This study from the Harvard T. H. Chan School of Public Health directly observed the nutritional quality of meals served at 5 summer camps in the Boston, MA area, and reported some important results.
Food and beverages served at summer camps could have major impacts on children’s nutrition, yet minimal research has been done to find out what is even served at summer camp. In a recent study of 5 summer day camps in Boston, MA, Kenney et al. (2017) found that there was room for improvement with regards to the nutritional quality of the food and beverages served at each camp, that children frequently brought sugar-sweetened beverages, candy, and salty snacks into camp, and that water and even other beverages were rarely consumed. The researchers documented the food and beverages served, the dietary intake of campers, and the camp’s access to clean, functioning water sources. They compared what the camps served and what the campers ate to a set of best practice nutritional standards developed by the Institute of Medicine (IOM).
The researchers reported several significant findings. In terms of the nutritional quality of items served, while both breakfast and lunch aligned with the IOM recommendations for total energy content, the total energy content for snacks was more than double the IOM recommendation. Vegetables were rarely served at all, and fruits and vegetables were almost never served at snack. While sugary fruit juice was served very frequently, water was never served.
The researchers also found that campers did not consume much of the items served to them. Healthy food or beverage options were less likely to be consumed by campers. Beverage consumption was limited, as roughly half of campers at each meal or snack time did not consume a beverage and, overall, 27.3% of all campers did not drink anything at any meal or snack time throughout the day. Campers were, however, more likely to consume sugar-sweetened beverages (SSBs) and candy brought from home, fruit, highly-processed meats, salty snacks, and grain-based desserts.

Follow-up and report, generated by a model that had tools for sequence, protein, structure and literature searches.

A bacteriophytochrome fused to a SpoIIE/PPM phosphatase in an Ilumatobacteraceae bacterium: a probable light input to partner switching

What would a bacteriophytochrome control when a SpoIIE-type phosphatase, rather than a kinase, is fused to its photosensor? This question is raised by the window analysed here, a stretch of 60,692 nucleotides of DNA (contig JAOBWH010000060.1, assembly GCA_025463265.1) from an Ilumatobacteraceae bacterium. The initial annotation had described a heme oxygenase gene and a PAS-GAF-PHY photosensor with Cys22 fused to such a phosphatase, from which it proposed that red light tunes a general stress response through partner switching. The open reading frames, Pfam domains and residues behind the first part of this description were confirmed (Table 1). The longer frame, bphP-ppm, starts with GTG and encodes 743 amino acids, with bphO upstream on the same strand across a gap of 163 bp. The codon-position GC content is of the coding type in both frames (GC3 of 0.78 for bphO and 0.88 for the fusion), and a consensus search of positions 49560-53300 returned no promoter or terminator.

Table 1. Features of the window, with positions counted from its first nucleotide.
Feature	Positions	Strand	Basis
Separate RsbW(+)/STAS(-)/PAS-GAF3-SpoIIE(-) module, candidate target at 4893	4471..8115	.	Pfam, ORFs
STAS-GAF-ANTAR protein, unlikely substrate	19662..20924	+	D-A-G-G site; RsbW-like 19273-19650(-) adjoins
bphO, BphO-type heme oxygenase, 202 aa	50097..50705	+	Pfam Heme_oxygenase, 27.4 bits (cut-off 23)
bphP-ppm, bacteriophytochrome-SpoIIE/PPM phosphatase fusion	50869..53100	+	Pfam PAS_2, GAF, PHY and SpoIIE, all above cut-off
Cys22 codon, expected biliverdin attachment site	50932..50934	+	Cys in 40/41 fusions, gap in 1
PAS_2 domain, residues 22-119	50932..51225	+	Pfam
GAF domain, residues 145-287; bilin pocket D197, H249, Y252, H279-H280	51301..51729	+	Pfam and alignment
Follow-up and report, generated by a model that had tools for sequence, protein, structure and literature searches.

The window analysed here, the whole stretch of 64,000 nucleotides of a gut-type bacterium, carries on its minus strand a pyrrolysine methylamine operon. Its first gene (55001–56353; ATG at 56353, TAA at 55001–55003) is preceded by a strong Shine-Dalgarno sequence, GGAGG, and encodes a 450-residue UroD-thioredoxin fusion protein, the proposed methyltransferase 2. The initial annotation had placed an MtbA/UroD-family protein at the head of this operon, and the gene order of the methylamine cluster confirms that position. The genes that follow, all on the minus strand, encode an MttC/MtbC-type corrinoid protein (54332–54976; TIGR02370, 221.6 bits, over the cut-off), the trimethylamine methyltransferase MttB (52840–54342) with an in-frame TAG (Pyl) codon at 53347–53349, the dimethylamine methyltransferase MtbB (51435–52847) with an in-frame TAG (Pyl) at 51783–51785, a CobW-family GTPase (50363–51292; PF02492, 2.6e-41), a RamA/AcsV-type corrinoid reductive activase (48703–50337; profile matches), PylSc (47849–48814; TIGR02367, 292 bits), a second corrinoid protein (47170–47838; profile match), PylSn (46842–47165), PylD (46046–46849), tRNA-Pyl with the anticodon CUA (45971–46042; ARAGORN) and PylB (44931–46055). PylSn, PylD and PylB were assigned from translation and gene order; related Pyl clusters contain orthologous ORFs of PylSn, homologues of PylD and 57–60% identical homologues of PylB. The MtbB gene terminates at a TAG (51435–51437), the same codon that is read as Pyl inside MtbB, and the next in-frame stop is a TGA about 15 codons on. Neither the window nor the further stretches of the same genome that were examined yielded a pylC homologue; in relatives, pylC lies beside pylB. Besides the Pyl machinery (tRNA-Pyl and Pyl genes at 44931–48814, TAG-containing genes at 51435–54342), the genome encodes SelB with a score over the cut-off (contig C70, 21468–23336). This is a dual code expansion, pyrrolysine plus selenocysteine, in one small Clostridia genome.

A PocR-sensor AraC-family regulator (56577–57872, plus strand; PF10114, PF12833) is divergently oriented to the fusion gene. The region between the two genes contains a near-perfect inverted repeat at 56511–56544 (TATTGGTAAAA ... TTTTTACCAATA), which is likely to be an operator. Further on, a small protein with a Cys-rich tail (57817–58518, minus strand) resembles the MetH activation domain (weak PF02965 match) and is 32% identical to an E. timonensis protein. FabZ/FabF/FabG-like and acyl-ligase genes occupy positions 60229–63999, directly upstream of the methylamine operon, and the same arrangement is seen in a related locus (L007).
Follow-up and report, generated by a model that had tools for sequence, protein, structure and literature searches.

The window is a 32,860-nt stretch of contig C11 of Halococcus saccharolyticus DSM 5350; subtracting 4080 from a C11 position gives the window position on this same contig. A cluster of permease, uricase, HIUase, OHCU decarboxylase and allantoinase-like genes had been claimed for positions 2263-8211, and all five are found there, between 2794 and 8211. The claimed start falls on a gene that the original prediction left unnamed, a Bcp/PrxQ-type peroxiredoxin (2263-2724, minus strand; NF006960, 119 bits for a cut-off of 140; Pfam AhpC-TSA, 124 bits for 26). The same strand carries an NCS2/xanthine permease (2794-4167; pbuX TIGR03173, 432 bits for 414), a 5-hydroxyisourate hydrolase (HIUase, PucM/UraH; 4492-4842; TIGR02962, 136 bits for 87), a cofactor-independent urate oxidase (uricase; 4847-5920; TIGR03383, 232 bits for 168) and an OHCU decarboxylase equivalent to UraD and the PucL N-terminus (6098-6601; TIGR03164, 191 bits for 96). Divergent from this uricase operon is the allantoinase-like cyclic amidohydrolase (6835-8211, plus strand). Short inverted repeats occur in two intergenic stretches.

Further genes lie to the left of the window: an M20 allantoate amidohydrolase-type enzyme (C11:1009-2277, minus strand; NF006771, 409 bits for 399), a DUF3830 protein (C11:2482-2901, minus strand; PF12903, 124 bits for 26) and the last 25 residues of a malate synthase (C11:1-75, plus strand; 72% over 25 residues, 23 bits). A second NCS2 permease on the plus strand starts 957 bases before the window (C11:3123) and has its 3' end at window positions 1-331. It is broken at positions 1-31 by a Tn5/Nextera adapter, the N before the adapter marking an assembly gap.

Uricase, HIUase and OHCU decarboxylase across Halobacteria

In general, campers did not consume enough food or beverages (especially water) throughout the day, and less healthy items were more popular than healthier options when campers did eat or drink anything. The findings of this study highlight the need for both improvement in the nutritional quality of food and beverages served at summer camps as well as further research on this topic, especially on palatability of healthier food options from food service vendors. Efforts must also be made to appeal healthy options to children.
Coping with Camp Food: Preserving Your Kids’ Healthy Eating Habits
– It’s Not About Nutrition, Dina Rosa, PhD
Kenney EL, Lee RM, Brooks CJ, Cradock AL, Gortmaker SL. What Do Children Eat in the Summer? A Direct Observation of Summer Day Camps That Serve Meals. J Acad Nutr Diet. 2017 Mar 17.